Honored: 1995 (1955 - )
First woman to travel across the ice to the North and South Poles. She was the first woman to travel across Greenland on skis, and in 1993, was leader of the American Women's Expedition, a group of four who skied more than 600 miles to the South Pole.
Honored: 2000 (1847 - 1919)
A leader in the women's suffrage movement, Shaw was a master orator for social justice, and the first woman to be ordained by the Protestant Methodist Church. She was the first living American woman to be awarded the U.S. Distinguished Service Medal.
Honored: 2013 (1915 - 2012)
Perhaps the most widely acclaimed female research economist of the twentieth century, Anna Jacobson Schwartz has been described as “one of the world’s greatest monetary scholars." In 1941, after a five year career with Columbia University’s Social Science Research Council, Schwartz began her more than seventy year tenure working for the National Bureau of Economic Research. During her time at the National Bureau, Schwartz met and began working with Milton Friedman and together, the two coauthored A Monetary History of the United States, 1867 – 1960
. Described by Federal Reserve chairman, Ben Bernanke, as “the leading and most persuasive explanation of the worst economic disaster in American history,” the text is one of the most widely cited in economics. Schwartz was also considered a leading financial historian and expert on monetary statistics in the United States and Britain.
Honored: 1994 (1591 - 1643)
Religious leader who insisted on practicing her religious faith as she chose, including holding religious meetings in her home, the first woman in the new world to do so. As a result, she was banished from the Massachusetts Bay Colony.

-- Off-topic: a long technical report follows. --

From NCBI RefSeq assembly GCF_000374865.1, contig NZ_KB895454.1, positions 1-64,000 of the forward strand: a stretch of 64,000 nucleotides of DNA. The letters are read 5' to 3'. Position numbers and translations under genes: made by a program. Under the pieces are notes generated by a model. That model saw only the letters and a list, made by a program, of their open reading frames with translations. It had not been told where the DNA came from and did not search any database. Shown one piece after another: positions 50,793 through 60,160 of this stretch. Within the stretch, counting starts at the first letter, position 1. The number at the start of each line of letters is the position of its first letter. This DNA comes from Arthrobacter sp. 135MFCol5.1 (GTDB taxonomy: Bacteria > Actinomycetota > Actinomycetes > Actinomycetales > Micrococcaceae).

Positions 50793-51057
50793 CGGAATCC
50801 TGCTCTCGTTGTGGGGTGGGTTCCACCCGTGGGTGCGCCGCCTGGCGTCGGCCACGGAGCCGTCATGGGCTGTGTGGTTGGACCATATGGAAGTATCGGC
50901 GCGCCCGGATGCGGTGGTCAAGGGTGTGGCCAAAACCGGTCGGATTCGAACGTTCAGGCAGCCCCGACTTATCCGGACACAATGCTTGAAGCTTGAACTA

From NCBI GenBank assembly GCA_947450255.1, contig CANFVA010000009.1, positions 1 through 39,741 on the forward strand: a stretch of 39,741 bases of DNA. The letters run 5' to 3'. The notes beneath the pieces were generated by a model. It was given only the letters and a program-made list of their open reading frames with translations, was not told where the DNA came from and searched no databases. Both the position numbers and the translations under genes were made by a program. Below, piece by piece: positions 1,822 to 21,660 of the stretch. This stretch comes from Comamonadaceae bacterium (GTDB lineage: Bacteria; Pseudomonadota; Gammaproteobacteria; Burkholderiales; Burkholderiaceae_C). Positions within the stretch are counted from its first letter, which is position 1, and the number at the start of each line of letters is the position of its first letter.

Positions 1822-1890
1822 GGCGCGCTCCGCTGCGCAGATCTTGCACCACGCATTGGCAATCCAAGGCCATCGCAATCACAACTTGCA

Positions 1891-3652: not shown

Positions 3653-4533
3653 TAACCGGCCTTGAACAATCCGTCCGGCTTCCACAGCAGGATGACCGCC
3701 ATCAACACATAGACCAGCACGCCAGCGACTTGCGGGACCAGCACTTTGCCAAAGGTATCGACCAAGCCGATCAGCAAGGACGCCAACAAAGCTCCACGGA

Honored: 2003 (1866 - 1936)
Best known as the woman who taught Helen Keller to read, write and minimally speak, Anne Sullivan lost her own sight to trachoma at an early age. She went on to graduate from Perkins School for the Blind in Boston and eventually receive medical treatment that restored her sight. Both Sullivan and Keller became role models for thousands of physically challenged people around the world.
Honored: 1995 (1876 - 1955)
Political activist central to the campaign to pass the 19th Amendment to the U.S. Constitution. Serving as National Campaign Director as well as in her home state of Tennessee, she led a march of 2,000 women in the South's first suffrage parade in 1914.
Honored: 1996 (1906 - 2001)
Author of numerous elegant essays, journals and other books. Lindbergh also excelled as co-pilot and navigator with her husband Charles on their historic flights to promote the development of international aviation.
Honored: 1993 (1860 - 1926)
Markswoman, was probably the nation's finest. A performer for many years with Buffalo Bill's Wild West Show, Oakley was a staunch supporter of other women's opportunities and raised funds to send needy women to college and nursing school.
Honored: 2000 (1910 - 1997)
First woman elected to the Tribal Council, she became determined to lead the fight against tuberculosis among the Navajo. She wrote a dictionary to translate English words for modern medical techniques into Navajo, and hosted a radio broadcast in the Navajo language to explain how modern medicine could help in better care for pregnant women and new babies and other family health problems.
Honored: 1994 (1863 - 1941)
Astronomer who perfected the universal system of stellar classification. While working at Harvard Observatory, Cannon compiled the largest accumulation of astronomical information ever assembled by an individual.